UK Spy Chief Hails Government Cell Tackling Kremlin Fake News


The head of GCHQ, Jeremy Fleming, has praised a new government unit tasked with countering Kremlin disinformation campaigns.

Speaking at the Australian National University in Canberra yesterday, Fleming argued that President  Putin had massively miscalculated in his invasion of Ukraine. Russian soldiers are now “refusing to carry out orders, sabotaging their own equipment and even accidentally shooting down their own aircraft,” he revealed.

However, Ukraine’s social media savvy President Zelensky offers a counter message of hope and resistance which is inspiring information campaigns elsewhere, Fleming said.

“In the UK, it’s focused in a new Government Information Cell which identifies and counters Kremlin disinformation targeted at UK and international audiences. It brings together expertise from across government to challenge false narratives. It deals in facts, not falsehoods; making sure that the truth is told well,” he explained.

“Increasingly, many of those ‘truths’ come from intelligence. It is already a remarkable feature of this conflict just how much intelligence has been so quickly declassified to get ahead of Putin’s actions.”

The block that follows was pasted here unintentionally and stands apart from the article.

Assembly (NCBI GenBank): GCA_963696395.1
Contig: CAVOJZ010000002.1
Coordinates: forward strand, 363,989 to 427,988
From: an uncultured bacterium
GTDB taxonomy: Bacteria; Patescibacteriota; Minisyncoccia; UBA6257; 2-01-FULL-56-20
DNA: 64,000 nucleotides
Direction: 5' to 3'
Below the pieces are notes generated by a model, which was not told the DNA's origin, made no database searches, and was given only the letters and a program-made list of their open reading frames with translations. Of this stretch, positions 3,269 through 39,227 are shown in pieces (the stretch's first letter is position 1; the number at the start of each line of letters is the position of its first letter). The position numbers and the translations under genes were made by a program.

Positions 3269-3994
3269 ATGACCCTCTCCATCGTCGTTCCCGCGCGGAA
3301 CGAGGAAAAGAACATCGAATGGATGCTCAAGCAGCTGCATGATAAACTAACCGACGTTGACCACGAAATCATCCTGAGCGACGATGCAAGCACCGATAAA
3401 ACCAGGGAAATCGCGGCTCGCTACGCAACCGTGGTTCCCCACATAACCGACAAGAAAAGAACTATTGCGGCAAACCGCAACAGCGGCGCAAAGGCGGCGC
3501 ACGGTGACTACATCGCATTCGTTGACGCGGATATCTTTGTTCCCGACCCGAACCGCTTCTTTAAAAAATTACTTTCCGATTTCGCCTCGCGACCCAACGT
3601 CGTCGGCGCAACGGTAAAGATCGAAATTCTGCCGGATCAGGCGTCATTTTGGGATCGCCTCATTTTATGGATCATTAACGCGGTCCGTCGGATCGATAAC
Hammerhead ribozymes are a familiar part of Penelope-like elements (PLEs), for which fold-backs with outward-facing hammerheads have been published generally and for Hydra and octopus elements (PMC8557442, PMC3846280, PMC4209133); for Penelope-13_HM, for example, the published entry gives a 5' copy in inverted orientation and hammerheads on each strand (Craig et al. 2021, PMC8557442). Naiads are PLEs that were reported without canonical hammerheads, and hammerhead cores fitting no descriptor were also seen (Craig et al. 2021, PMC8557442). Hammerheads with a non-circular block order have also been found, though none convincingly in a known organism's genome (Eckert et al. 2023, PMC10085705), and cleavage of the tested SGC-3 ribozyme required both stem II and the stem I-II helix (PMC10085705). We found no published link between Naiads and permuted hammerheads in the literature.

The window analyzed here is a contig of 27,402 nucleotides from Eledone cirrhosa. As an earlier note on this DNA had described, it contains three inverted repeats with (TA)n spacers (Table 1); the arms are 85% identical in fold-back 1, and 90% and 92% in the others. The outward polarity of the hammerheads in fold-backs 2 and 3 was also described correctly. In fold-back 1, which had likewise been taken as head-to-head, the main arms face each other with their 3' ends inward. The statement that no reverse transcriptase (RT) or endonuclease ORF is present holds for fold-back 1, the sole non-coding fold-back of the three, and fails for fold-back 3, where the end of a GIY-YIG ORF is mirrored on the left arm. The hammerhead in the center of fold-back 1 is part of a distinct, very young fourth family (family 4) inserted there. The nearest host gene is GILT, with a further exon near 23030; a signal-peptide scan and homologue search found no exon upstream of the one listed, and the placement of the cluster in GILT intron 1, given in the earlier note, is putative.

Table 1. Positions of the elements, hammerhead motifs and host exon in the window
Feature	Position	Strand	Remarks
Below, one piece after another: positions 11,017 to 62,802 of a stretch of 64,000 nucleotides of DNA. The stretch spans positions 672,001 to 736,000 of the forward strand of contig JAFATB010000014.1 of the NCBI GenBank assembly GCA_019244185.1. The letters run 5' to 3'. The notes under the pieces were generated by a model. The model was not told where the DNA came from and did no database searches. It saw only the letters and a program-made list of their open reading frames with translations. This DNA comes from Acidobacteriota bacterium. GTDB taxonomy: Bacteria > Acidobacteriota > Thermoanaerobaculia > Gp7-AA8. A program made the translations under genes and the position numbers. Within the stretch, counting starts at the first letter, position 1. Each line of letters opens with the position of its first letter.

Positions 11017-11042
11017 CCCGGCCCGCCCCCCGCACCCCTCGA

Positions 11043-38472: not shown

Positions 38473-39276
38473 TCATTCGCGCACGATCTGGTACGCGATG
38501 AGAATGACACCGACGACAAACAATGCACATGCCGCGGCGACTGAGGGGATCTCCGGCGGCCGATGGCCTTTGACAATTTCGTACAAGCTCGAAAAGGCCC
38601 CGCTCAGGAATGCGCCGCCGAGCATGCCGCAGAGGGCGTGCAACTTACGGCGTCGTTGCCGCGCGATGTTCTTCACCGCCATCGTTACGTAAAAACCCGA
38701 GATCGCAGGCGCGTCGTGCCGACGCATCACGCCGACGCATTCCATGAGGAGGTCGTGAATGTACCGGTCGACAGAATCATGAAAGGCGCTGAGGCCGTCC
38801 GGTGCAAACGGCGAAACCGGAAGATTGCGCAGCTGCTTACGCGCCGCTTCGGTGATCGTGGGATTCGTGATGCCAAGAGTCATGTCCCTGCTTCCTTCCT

It’s unclear whether this government cell is connected to previous units set up to counter false narratives about COVID-19, although it was briefly referenced by the home secretary back in February. Its current operations highlight the increasing importance of information warfare at times of kinetic conflict.

Fleming also dismissed suggestions that Russia is planning a major destructive cyber-campaign in Ukraine. Although several variants of disk-wiping malware have been discovered, no knock-out blow appears to have yet been delivered.

“I think a lot of this misses the point. Whilst some people look for cyber ‘Pearl Harbors’, it was never our understanding that a catastrophic cyber-attack was central to Russian’s use of offensive cyber or to their military doctrine,” argued Fleming. “To think otherwise, misjudges how cyber has an effect in military campaigns.”

Fleming ended his speech with some words on China, repeating previous exhortations that the West must do more in the area of international rules and technology standards, which China increasingly seeks to dominate.

“Without action it is increasingly apparent that the key technologies on which we all rely on for prosperity and security won’t be shaped and controlled by the West in the future,” Fleming warned.

“If we don’t act – with our allies, with our partners and with the private sector – we will see undemocratic values as the default for vast swathes of future tech and the standards that govern it. There is no doubt that democratic nations are facing a moment of reckoning.”

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